Tuesday, August 15, 2017

The UK government has published a document on future customs arrangements with the EU, in which two possible models are floated. The first of these involves a ‘highly streamlined’ system in which existing procedures are largely maintained alongside ‘technology-based solutions to make it easier to comply with customs procedures’.

The second involves the UK mirroring EU procedures when imports that will subsequently be exported to the EU enter the UK – thus allowing seamless movement of products between the UK and EU. Just how anybody will know which imports will later be exported is anyone’s guess. The government’s document refers to ‘simplifications for business, such as self-assessment’… which sounds a lot like complications for business.

The opportunities that will exist to strike trade deals with third party countries undoubtedly offer the UK some potential to benefit. This comes, however, at a cost – most notably bureaucracy. Clearly the UK should not be able to import products from a third country with a tariff that is lower than that applied by the EU, simply to export them to the EU without tariff. But it might be possible for UK businesses to process these products and sell their output to the EU at zero tariff. A call must then be made in determining how much processing or modification is needed in order to qualify a product for tariff-free export to the EU. Hence the need for rules of origin. Devising and subsequently implementing these rules is a huge undertaking – though technology (elsewhere in the document described as involving a ‘risk-based and intelligence-led’ approach) can certainly, albeit with imperfection, help.

The first option presented by the government’s document could be highly streamlined indeed if the UK were to be free to strike its own trade deals but did not take advantage of that freedom, and if it inherited all the trade arrangements already made by the EU (unlikely though this scenario might be). The existing customs union would then remain in all but name. A somewhat less streamlined mechanism would allow exceptions, albeit at cost that would need to be balanced against the benefits.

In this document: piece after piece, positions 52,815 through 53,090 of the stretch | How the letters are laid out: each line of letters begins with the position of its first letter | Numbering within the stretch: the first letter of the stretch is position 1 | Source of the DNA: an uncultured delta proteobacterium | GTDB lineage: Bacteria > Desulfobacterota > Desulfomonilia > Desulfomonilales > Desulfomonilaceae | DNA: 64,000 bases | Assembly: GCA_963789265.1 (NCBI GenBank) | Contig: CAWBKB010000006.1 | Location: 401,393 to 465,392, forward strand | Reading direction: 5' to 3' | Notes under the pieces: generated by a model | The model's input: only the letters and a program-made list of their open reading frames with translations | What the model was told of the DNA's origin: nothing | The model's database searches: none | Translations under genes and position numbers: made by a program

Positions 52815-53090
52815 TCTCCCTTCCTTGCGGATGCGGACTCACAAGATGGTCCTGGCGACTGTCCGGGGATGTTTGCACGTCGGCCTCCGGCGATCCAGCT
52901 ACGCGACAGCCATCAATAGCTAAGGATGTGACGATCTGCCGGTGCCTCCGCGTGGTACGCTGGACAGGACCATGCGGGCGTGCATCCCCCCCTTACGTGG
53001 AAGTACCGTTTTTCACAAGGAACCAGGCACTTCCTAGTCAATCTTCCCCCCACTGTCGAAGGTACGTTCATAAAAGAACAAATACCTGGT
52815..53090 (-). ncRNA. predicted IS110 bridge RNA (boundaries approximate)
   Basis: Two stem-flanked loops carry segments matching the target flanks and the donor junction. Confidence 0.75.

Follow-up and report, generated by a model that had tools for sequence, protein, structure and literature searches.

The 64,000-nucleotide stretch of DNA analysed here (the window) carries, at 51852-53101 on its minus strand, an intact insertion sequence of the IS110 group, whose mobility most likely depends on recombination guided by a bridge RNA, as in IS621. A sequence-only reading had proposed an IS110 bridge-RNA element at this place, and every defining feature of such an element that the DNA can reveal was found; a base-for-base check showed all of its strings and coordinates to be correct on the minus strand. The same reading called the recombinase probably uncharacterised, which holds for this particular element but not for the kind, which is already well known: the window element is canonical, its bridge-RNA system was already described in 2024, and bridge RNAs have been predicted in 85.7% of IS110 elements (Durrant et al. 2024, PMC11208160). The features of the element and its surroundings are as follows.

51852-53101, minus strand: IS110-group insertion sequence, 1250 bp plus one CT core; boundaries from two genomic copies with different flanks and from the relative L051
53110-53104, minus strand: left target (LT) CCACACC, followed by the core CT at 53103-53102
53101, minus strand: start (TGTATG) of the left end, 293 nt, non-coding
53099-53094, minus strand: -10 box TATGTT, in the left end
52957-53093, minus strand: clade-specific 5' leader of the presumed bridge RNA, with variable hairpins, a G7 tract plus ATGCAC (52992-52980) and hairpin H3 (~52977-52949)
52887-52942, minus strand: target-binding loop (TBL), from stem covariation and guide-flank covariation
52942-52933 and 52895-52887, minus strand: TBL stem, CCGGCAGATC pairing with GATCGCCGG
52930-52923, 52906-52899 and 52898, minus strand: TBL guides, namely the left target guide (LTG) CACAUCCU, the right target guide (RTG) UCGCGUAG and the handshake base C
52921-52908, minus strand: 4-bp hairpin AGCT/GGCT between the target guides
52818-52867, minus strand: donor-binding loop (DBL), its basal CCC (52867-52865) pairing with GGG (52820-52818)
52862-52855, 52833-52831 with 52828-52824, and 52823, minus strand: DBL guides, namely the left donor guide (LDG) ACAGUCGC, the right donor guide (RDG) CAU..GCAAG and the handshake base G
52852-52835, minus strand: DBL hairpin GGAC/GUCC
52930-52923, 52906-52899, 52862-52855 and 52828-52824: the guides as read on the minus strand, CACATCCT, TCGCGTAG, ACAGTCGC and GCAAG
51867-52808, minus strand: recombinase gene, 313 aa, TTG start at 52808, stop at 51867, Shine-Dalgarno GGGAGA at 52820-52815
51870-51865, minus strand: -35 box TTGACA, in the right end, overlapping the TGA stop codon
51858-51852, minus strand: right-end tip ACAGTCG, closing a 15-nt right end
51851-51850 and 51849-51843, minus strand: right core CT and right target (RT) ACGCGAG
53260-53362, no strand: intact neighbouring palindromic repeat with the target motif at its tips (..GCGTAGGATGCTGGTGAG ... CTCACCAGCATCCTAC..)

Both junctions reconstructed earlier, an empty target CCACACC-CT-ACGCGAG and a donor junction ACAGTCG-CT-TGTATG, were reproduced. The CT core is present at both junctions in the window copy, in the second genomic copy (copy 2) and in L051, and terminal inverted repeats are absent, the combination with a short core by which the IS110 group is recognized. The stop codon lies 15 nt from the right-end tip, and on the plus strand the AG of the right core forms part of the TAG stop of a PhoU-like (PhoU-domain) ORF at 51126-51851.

Whatever final arrangements are agreed, the UK government is proposing a transitional period. And – noting the British penchant for solving problems by changing the name – whatever it is called, at least the transitional arrangements should look very much like the customs union that currently exists.

Thursday, August 10, 2017

Industrial production in June of this year stands at 0.3% above the level a year earlier. Despite the fact that output in June was almost 0.6% above that achieved in May, the trend is still one of rather sluggish performance. Indeed, my neural network forecaster predicts a return to negative growth in this series over the coming months. This ties in with recent predictions of slower GDP growth over the coming two years. As ever, caution is needed in interpreting these forecasts, especially given the unusually uncertain environment presented by Brexit negotiations.

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